When you choose to purchase a dog from a certified breeder of the Australian Labradoodle Club of America (ALCA), you are not just buying a dog. You are choosing a bloodline with pristine health quality and as well as the consistent, pleasing demeanor expected in this breed. The ALCA has set high standards of health for any dogs registered as a breeder. Parent dogs must be born from dogs registered within the club. This means each generation of doodle has passed required testing rigors.
Sweet Carolina Labradoodles uses experienced doctors who are knowledgeable and caring. We work with them to ensure that first the doodle’s health is nearly perfect. Once this is established, we then work closely with our vets to breed healthy and loving puppies. We want to ensure that our doodle pups will serve their families well, whether as service animals or as companions.
Testing requirements have grown as the club has grown. These requirements became necessary for quality breeding programs to avoid genetic defects that appear in various pure-breed programs. Problems with pure-bred animals happen due to constant selective breeding. Breeders attempt to maintain certain qualities for which breeds are known. But these standards can lead to health defects, in many cases, that occur far too commonly.
This fact alone is an excellent reason to choose an Australian Labradoodle. This breed is known for its beauty, intelligence, and friendly demeanor. But our breeding practices do not lend themselves to genetic defects. In fact, with the testing, we are doing our best to ensure genetic problems do not enter the Australian Labradoodle equation.
The Eye Exam
Eye testing is done to ensure that heritable eye diseases in dogs can be completely avoided. When you purchase a registered Australian Labradoodle, you purchase confidence that your pup will not experience avoidable eye problems.
A CERF (Canine Eye Registration Foundation) test is an eye screening exam done by veterinary ophthalmologists. These specialists are board certified by the American College of Veterinary Ophthalmologists (AVCO). Sweet Carolina Labradoodles travels two hours to the closest specialists available in Charlotte, NC.
The procedure involves a complete examination of the eye. The dog’s pupils are dilated with eye drops. The examiner uses a penlight to look for any key abnormalities.
The specialists use a slit lamp bio-microscope to check for diminutive anomalies in the lens, in the cornea, and in the anterior chamber. During this part of the exam anomalies such as distichia, cataracts, vitreal degenerations, and corneal dystrophy can be noticed.
The retina is examined using an ophthalmoscope. This instrument provides a view of all the parts of the retina. Issues like Progressive Retinal Atrophy, Retinal Dysplasia, optic nerve hypoplasia, and choroidal hypoplasia can be recognized during this time.
The Hip and Elbow Exams
Large breed dogs are most likely to develop joint dysplasia issues. This includes the Labrador Retriever. Thus, the ACLA requires this testing to ensure we do not breed animals with such defects.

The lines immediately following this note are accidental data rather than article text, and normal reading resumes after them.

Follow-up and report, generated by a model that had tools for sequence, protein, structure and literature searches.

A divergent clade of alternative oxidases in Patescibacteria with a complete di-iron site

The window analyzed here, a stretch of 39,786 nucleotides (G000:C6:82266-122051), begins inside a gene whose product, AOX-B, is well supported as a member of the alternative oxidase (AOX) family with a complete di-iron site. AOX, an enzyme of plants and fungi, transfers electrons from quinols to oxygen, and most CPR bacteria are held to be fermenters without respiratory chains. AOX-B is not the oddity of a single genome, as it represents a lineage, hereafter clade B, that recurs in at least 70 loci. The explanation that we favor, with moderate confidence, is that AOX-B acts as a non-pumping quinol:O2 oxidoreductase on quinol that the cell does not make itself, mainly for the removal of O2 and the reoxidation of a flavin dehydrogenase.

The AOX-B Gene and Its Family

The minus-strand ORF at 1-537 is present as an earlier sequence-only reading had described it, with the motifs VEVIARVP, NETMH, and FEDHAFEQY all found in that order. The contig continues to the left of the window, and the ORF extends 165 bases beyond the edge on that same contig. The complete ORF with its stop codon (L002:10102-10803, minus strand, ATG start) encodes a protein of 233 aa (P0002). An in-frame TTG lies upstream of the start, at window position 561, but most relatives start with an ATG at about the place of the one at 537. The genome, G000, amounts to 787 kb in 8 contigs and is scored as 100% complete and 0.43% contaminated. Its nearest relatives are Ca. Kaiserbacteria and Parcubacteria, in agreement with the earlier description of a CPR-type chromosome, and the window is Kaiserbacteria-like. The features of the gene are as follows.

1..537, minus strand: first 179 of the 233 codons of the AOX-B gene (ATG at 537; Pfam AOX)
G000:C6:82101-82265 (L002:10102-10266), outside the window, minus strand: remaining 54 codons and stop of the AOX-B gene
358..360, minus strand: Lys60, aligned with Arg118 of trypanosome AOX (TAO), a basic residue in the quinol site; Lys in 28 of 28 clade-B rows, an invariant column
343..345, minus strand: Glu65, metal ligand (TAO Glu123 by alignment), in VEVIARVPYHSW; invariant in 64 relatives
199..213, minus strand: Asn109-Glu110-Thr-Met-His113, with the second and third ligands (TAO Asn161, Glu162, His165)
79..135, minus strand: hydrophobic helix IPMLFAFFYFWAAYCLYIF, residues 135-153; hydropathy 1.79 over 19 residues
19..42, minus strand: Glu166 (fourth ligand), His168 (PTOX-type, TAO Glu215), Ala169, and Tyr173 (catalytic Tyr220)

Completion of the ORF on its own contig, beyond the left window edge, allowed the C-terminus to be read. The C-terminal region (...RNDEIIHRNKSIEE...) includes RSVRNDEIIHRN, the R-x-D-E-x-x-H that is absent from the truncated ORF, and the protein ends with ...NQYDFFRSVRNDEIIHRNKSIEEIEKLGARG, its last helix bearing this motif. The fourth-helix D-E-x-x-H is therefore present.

Joint dysplasia means the ball of the joint and/or the socket is malformed, causing separation of the two bones of the joint. In most cases with dysplasia, the socket is not deep enough for the ball to fit tightly into place. In a dog with healthy hips, the ball at the top of the joint fits perfectly into the socket. In animals with dysplasia, an abnormal fit causes the bones to separate. This separation can handicap the animal.
The Orthopedic Foundation for Animals (OFA) remains the standard for testing for joint dysplasia. X-rays can be taken by any licensed veterinarian and sent to the OFA for review. In fact, our hometown veterinarians have recently begun this journey with us in testing our breeders with the OFA. We love the Charlotte veterinary hospital who we have used previously. We plan to continue to work with them when needed. But having our local veterinarian help us with testing now saves us from spending an entire day two hours from home waiting on testing.
The x-rays for dysplasia do require sedation, so our sweet doodles go without food and water the night before the tests. They remain with the veterinarian several hours to complete procedure and to awaken from the sedative. Although they provide a few giggles after waking up, they bounce back to their normal selves quickly.
To obtain certification, here at Sweet Carolina Labradoodles we schedule our pups appointments after they turn ten months old. This age ensures they are practically developed and will test accurately. We travel with our dogs buckled up in the back seat for safety. They love to travel.
Because we live in the country, we plan a few weeks in advance to do the eye testing in Charlotte as well as the OFA testing at the local vet in the same week. This way we can send both results off and register our labradoodles with the ACLA.
The first test for hip and elbow dysplasia is a procedure requiring several hours as the doodles are given light anesthesia to have a thorough examination.
After our labradoodle wakes, we then visit a canine eye specialist for a detailed examination of the eye. The Labradoodle is then registered with the Canine Eye Registration Foundation (CERF).
Upon receipt of satisfactory results, we send the paperwork to the ACLA, pay the registration fee, and our new doodle breeder is official! Our club’s health requirements ensure not only the health of our puppies but also that our adoptive families can count on gaining a quality pet to enjoy for years to come.